7. Spend it. Children under 2 can fly for free on most airlines if they sit on your lap. Consider the length of the flight before taking advantage of this. Holding a baby or small child on your lap for several hours is harder than it sounds. If your flight will last for more than 2-3 hours, I’d recommend you buy a seat for your under 2er. It’s well worth it and they can sleep and rest easy. You can too.

N.B. Check the label on your car seat or the safety instructions and also check with your airline to make sure that yours will meet FAA (or applicable) regulations.

8. Meals and beverages. Make sure your wee one has been reserved a child meal. Be sure to confirm it when you confirm your flights. If they are small enough, airlines and security allow the individual Gerber plastic juice bottles. They also allow fruit cups (e.g. Del Monte), Gerber Graduates food bowls and sippy cups with juice in them. Be prepared to drink from them too. Be sure to pack all of your bairn’s food and drink in a separate plastic ziplock bag and let the staff at security know you have it right off the bat. Plan to take a few more drinks than usual for your kids (in case dehydration sets in) and avoid sugary snacks or anything with caffeine. The last thing you need couped up on a plane is a high pre-schooler. Even if your child is past the age for a sippy cup, use one as a container for snacks. Remember: Ice packs will be confiscated, plan accordingly.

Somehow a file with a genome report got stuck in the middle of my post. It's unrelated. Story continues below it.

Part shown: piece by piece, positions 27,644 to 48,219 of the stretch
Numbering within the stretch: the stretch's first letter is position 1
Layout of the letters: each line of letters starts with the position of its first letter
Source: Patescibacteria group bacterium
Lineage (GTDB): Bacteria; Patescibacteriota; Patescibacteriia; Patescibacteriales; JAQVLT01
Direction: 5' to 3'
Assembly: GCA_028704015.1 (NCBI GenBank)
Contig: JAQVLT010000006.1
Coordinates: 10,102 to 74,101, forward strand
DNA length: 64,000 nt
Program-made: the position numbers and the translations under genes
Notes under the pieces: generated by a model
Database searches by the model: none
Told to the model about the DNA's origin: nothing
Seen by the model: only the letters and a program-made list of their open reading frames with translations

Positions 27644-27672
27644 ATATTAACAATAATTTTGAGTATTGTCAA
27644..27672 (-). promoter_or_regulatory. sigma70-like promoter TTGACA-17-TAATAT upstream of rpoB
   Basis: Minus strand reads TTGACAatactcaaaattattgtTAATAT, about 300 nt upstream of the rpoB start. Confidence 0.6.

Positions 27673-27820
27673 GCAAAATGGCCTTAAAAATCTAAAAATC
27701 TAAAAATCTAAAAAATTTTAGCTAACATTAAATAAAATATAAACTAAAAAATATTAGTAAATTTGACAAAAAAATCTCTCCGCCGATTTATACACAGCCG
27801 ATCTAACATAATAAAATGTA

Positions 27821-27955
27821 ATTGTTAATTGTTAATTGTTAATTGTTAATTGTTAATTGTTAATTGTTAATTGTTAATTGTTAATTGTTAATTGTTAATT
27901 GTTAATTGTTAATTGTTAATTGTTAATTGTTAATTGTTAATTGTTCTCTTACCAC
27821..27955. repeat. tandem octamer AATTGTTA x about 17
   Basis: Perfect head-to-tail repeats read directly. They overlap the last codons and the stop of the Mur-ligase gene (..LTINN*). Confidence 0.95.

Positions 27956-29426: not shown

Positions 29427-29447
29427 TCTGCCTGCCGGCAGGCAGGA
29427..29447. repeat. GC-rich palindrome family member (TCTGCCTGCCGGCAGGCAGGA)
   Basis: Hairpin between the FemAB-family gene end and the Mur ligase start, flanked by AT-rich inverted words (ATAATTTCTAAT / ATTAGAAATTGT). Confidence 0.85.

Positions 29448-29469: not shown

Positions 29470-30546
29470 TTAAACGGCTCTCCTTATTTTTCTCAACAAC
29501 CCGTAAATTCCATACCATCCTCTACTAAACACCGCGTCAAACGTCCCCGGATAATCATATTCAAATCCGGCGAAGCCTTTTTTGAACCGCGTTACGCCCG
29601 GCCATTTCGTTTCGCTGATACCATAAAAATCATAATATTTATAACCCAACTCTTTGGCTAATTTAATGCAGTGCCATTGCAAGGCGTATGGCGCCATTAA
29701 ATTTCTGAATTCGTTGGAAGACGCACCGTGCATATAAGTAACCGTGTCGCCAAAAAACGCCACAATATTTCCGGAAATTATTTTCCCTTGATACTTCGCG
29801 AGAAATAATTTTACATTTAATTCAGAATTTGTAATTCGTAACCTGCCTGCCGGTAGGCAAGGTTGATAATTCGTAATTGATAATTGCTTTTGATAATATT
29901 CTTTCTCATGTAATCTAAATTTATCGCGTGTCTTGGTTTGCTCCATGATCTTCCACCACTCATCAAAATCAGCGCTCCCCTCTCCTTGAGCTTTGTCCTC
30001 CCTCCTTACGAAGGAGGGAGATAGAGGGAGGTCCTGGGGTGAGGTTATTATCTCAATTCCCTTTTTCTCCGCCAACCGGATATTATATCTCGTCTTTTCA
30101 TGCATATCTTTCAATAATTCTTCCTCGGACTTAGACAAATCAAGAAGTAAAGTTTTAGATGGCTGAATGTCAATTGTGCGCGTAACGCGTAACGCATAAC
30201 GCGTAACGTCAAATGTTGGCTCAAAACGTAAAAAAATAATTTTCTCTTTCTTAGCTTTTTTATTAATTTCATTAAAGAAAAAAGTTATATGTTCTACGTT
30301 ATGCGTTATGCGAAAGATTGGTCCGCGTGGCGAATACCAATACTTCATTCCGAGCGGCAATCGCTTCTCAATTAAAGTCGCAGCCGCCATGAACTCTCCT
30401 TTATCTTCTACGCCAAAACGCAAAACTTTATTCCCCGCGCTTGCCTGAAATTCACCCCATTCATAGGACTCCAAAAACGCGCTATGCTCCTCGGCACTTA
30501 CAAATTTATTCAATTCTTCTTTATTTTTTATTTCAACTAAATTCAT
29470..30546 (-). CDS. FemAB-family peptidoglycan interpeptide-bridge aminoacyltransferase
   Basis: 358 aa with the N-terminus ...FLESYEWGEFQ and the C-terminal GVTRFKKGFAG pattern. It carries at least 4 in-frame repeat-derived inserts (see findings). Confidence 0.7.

Similarly, make sure you all take a trip to the toilets before take off.